SECURING AMERICA'S BORDERS ACT
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Mr. NELSON of Florida. Mr. President, the sole intent of this amendment is to take what the committee bill provides in enhancing border security by utilizing technology and enhancing and integrating and coordinating that technology, the use of electronic surveillance on the border to augment our border patrol, and the use of unmanned aerial vehicles, which are a much cheaper version than the military version, but you can see at night and can also see during all weather--to take that technology and integrate it and coordinate it is the intent of the amendment.
The amendment was born out of an inspector general's report of the Department of Homeland Security, as well as the GAO report on how we can use additional coordination of our technology to enhance our border security. It is as simple as that.
I am assuming that the chairman of the committee will accept this amendment because it is just a commonsense amendment. We want to secure our borders. There are so many people we can hire; therefore, we ought to augment those Border Patrol personnel to secure the borders.
Here are a couple of examples. Right now, under electronic surveillance, the signal will go off that somebody has penetrated the barrier. That signal will go to a DHS employee, who then has to activate a camera and search as to where that particular electronic sensor has gone off. That is inefficient use of personnel. We have the technology. We can integrate it so that when the electronic sensor goes off--someone has crossed the border--the cameras in that particular location can automatically go off and record the event, that event can be sent out to multiple DHS substations, and it can also be sent out into a permanent databank so that we have a permanent record of that event. That is one example.
Another example is that you have an unmanned aerial vehicle, a drone, that is flying overhead and--same thing--an event is spotted. It is a crossing of the border illegally. Right now, that event is sent back to personnel in DHS.
Both the GAO report and the inspector general's report say you ought to integrate all that. It ought to likewise--that event--be sent back to multiple DHS substations for their immediate response, and it ought to go to a permanent databank where it is recorded so that we have this vast amount of data. That is the sum and substance of the amendment.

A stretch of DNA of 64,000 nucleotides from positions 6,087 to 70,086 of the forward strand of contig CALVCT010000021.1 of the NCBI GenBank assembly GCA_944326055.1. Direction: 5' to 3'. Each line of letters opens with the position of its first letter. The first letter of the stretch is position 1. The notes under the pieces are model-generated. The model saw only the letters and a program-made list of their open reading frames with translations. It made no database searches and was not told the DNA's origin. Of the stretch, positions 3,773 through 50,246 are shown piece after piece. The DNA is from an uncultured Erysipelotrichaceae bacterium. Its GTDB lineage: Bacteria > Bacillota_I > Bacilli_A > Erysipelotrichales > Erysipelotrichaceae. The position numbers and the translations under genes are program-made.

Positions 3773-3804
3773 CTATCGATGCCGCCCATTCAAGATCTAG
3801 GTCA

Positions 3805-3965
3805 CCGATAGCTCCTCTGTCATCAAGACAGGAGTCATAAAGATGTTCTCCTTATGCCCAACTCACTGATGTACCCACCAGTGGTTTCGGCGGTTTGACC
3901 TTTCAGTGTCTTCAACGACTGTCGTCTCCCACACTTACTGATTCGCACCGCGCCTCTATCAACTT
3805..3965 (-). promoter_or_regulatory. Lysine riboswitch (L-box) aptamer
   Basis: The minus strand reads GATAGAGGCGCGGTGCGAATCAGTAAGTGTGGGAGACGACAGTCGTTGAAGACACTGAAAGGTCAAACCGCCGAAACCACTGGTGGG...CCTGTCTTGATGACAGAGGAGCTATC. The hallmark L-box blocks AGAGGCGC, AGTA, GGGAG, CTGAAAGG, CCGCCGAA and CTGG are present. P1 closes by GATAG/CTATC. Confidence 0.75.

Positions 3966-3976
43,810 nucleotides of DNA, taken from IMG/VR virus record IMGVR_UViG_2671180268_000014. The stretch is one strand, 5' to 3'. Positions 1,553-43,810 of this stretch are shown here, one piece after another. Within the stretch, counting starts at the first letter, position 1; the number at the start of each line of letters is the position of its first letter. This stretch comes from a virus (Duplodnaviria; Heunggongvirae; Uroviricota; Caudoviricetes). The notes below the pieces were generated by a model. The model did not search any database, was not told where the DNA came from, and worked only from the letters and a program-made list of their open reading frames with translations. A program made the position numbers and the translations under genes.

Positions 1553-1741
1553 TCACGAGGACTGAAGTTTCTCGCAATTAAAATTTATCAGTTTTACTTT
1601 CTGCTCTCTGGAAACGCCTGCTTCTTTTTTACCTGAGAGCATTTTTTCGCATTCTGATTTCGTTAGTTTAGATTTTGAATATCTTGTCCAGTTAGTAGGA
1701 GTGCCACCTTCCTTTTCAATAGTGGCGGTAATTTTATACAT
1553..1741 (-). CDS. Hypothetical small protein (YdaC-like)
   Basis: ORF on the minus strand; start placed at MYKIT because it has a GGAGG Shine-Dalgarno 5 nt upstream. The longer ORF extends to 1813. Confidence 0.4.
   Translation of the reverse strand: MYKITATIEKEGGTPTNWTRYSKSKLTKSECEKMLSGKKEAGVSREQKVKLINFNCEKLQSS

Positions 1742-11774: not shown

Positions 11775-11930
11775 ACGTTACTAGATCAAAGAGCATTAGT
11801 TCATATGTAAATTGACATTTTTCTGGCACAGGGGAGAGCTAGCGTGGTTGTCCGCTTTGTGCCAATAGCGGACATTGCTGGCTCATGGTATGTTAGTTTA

I inquire of the Chair, is there a previous order that I was allowed to offer just this one amendment, which is No. 3220? I have a second amendment that is parallel, No. 3221. What did the previous order require?
The PRESIDING OFFICER. Under the previous order, the Senator from Florida is entitled to offer only one amendment.
Mr. NELSON of Florida. I see. Well, then, at some point, I will then likewise be offering a second amendment, which is quite similar. I explained a bit about it yesterday.
I will simply take this opportunity, while I have the floor, to point out what that amendment does, and the committee bill has moved in the right direction. The committee bill is providing 20,000 detention beds for people who are picked up for having been illegally in the country. What happens now is that somebody comes across into America, they are here illegally, and what do you know--we don't have the detention space in which to process them. They are released. There is one part of the border where up to 90 percent of the captured illegal aliens are released after being caught by DHS. Guess what happens. They completely disappear. Only 10 percent, approximately, appear for their subsequent immigration court hearings. DHS says we don't have any space. Presently, DHS has in the range of about 10,000 detention bed facilities.
So 90 percent of captured aliens are released. The committee bill clearly is a step in the right direction. What they have done is doubled that to 20,000 beds. What my amendment would do is say let's be realistic: 20,000 beds is not going to cut it, and you are going to continue on this practice of finding an illegal alien and DHS is going to be required then to release them into American society, and they are not going to turn up again. We simply have to stop this.
My amendment is going to provide an additional 20,000 beds a year for 5 years or, in other words, to get us to the point after 5 years that instead of having 20,000 detention beds, we will have 100,000 detention beds and be able to meet this problem and stop releasing illegal aliens right back into society.
At the appropriate point, I will be offering amendment No. 3221.
Mr. President, I thank you for the opportunity to speak, and I yield the floor.